WASHINGTON – House Republicans, encouraged by a Senate vote to ban what critics call partial-birth abortion, cleared the way for their own bill to head to the House floor.
The House Judiciary Committee approved the measure in a party-line 19-11 vote Wednesday. The Senate passed its version nearly two weeks ago in a 64-33 vote.
President Bush has said he will sign the measure, a revised version of bills that former President Clinton twice vetoed as unconstitutional.
"A moral, medical and ethical consensus exists that partial-birth abortion is an inhumane procedure that is never medically necessary and should be prohibited," said Rep. Steve Chabot, R-Ohio. "Opponents of this bill want to hide from the facts."
The House version does not include an amendment inserted in the Senate version by Democrats and passed by the Senate in a 52-46 vote. That provision reaffirms the Roe v. Wade decision legalizing abortion and urges that it not be overturned. Anti-abortion groups have been lobbying furiously to ensure that the provision is dropped before a final bill is sent to the White House.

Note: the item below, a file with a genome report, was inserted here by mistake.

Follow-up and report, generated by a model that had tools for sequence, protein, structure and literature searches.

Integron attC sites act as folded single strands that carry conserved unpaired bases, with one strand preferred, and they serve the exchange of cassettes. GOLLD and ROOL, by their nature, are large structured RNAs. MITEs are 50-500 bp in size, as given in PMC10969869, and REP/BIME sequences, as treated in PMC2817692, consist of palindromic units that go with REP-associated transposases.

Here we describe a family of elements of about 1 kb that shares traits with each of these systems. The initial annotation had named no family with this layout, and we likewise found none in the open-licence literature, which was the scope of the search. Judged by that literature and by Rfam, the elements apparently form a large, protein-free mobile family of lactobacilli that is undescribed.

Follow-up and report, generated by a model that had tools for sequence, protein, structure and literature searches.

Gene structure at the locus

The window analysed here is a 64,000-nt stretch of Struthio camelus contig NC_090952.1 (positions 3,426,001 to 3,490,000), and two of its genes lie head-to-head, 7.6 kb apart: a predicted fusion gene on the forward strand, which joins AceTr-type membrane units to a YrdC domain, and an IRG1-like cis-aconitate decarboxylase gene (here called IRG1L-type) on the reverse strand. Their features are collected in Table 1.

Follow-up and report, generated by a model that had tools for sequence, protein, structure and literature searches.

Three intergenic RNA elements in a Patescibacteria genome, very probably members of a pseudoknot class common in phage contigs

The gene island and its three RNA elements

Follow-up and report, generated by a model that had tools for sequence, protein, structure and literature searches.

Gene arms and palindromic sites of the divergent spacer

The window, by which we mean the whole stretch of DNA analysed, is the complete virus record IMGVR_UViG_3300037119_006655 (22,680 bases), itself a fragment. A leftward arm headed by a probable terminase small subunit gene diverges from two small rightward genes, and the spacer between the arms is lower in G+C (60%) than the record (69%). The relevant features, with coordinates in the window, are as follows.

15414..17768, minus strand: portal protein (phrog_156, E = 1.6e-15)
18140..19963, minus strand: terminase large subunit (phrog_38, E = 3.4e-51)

The so-called partial birth procedure involves pulling the fetus partially out of the uterus and then puncturing the skull.
The Supreme Court has already addressed the issue, striking down a Nebraska law banning the procedure in June 2000. The court said the law imposed an "undue burden" on women who decide to end their pregnancies.
House committee Democrats argued that the latest version was still unconstitutional and offered several amendments to loosen restrictions in the bill. One that would have eliminated a provision subjecting doctors who perform the procedure to up to two years in prison failed in a 15-8 vote.
"Congress should not be involved in banning specific medical procedures," said Rep. Tammy Baldwin, D-Wis. "We, in essence, have Congress practicing medicine and doctors practicing law."
Rep. Jerrold Nadler, D-N.Y., warned, "There will be dire consequences to American women if this legislation passes."